For quite some time now, Endless Legend and Endless Space developers Amplitude Studios have been hard at work on its latest 4X game, the evolutionary human culture strategy Humankind. The studio is finally approaching its finish line for a 1.0 release this coming August, but it still has plenty to share with players ahead of the launch date. I recently got to sit down with another early build of Humankind, this time featuring major mechanics like religion, multi-civilization diplomacy, and much later era gameplay. For my experience, the game is shaping up even stronger and more adaptive than even my last time with it.
How about less swords, more words?
I enjoy diplomacy and negotiations in my 4X. I usually shy away from the more militaristic factions and try to gain the resources that will ensure people will want me as a friend. To this end, I was excited to see diplomacy make the cut in this latest Humankind build. I will say it appears to play out like you might expect from diplomacy in a human civilization 4X game, though the more aggressive attitudes may be a bit rough.
If you remember my last preview with Humankind, you work to evolve your culture from a primitive Neolithic Era state into that of an actual group of people. The historic group you choose, be they Egyptian, Zhou, Babylonian, and other groups will determine what bonus units, buildings, and traits your culture has, be it farming, production, science, military might, culture, or trade. For this particular engagement, I chose the Phoenicians, who were focused on trade and merchantry with a particular leaning towards coastal settlements.
My goal was to quickly build my way up to a small coastal empire with control of various map resources and luxuries to bolster the allure of trade with me. To that end, I gained my small empire quickly, building my goldflow and often buying up the production cost of buildings as opposed to waiting remaining turns for them. I quickly found myself neighbored and threatened by a close militaristic force who saw me as weak, but I closed the gap on danger by making contact with other nations and partaking quickly in trade. Through this, I was able to gain their favor and form alliances. You don’t want the culture supplying you with horses and spices to burn down, after all. By the time my neighbor became a bully, they weren’t just messing with me; they were also messing with everyone I supplied.
I really enjoyed seeing this style of gameplay become more possible and realized in my efforts to play to my mercantile tastes, though I will say I feel the militaristic cultures are still a bit too aggressive and dismissive in politics if they see your armies as weaker. It can feel like a race against time to get your ally network in gear against a meaner nation. Even so, moving far forward into some late gameplay gave me a look at the kind of networking, alliances, and warfare you can put together if you survive long enough. As a militaristic Mediterranean culture that evolved towards Japanese, bringing culture boosts into the mix, I found myself on the attack with my allies against another alliance of nations. It became an interesting mix of expanding my era advancement at home and on the battlefield abroad and making sure I didn’t spread myself too thin in either place.
May I interest you in one true deity I’ve crafted?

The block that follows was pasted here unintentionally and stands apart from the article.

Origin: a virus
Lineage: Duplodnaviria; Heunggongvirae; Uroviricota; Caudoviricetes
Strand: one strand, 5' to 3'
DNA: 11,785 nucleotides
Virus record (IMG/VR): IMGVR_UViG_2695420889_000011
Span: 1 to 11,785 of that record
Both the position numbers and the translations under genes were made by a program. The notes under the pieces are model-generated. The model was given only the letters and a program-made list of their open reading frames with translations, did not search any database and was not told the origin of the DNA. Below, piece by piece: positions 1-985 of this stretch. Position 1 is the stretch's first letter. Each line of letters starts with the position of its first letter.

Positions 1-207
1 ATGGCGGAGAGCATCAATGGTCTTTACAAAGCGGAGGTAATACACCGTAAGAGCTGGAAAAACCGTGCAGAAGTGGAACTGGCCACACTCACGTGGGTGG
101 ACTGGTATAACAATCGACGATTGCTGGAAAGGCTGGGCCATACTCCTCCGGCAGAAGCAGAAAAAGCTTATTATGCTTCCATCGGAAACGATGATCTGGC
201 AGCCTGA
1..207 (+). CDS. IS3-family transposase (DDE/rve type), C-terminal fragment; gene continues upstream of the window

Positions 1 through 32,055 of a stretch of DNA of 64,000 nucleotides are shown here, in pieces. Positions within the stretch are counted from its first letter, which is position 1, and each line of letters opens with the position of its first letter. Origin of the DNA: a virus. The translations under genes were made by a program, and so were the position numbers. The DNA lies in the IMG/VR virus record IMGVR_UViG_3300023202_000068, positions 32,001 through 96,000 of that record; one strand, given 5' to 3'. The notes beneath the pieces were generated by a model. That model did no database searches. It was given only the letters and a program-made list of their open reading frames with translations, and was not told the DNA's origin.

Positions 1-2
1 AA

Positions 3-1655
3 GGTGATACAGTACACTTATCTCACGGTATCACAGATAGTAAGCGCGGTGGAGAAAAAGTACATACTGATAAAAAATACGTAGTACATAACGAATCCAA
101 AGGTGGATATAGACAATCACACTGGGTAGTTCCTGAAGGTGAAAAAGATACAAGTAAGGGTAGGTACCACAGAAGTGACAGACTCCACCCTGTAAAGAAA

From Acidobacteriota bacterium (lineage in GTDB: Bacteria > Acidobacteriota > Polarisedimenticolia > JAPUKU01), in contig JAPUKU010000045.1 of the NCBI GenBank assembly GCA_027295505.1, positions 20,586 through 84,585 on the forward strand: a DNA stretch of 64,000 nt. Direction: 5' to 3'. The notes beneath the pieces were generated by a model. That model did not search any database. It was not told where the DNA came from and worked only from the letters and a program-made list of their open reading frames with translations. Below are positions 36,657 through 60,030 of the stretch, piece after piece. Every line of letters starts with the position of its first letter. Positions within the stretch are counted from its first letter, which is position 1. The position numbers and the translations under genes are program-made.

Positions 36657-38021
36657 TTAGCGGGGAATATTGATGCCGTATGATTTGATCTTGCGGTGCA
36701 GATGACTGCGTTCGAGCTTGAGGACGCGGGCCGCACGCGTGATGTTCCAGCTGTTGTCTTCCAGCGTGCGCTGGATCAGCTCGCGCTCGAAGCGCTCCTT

Further along my new trails in this Humankind preview was a clash and adaptation of religion. Again, much like elsewhere, by adopting and growing religion, you can gain benefits in your own backyard from followers, as well as from other nations by influencing neighboring settlements to your ways. As a mercantile nation, I focused less on this aspect, but I most certainly saw it in action. By the time I adopted a religion, other stronger faiths were already established. More than that, much like picking a culture, picking your religion allows you to specialize even further in unique traits. You can gain bonuses to food, culture, military might, trade, even stronger religious pressure inside and outside your nation, and more.
I could also feel the presence of religious tension despite the fact that I was not heavily invested in it. My neighbor was heavily invested in religion and their pressure spread throughout my citizenry to the point where my own late-blooming beliefs were basically fringe among my people. You can make decisions inside your nation and through diplomacy with other nations that attempt to invite, strengthen, or subdue religions, and, much like resources themselves, it can make for a source of friendship or tension among your culture and others.
It’s pretty easy to see where this is going to be big for cultures more attuned to faith and how it’s going to affect diplomacy in the game, though, I wasn’t able to see religion specific units like Missionaries or Inquisitors during my time with it. I’m curious to see if religious influence expands from settlement choices and diplomacy to deployable units.
The shape and route of humanity
It won’t be too much longer before we finally come to the complete launch day of Humankind and as my second time dipping into what Amplitude has in store for us, my excitement continues to build for the game. It has many flavors that should entice Civilization, as well as players of previous Amplitude games like Endless Legend and Endless Space, but it also continues to set itself apart in some very interesting ways. For a more passive player, I was really happy to see the application of diplomacy and religion in this build, and the peek at a late era was a nice taste of what it will feel like when you’re deep into a game. With that in mind, it seems like Humankind is making August 2021 quite the month to watch for the 4X gaming genre.
This preview is based on an early PC build of the game supplied by the publisher. Humankind is slated for release on August 17, 2021 on Google Stadia and PC via Steam and Epic Games Store.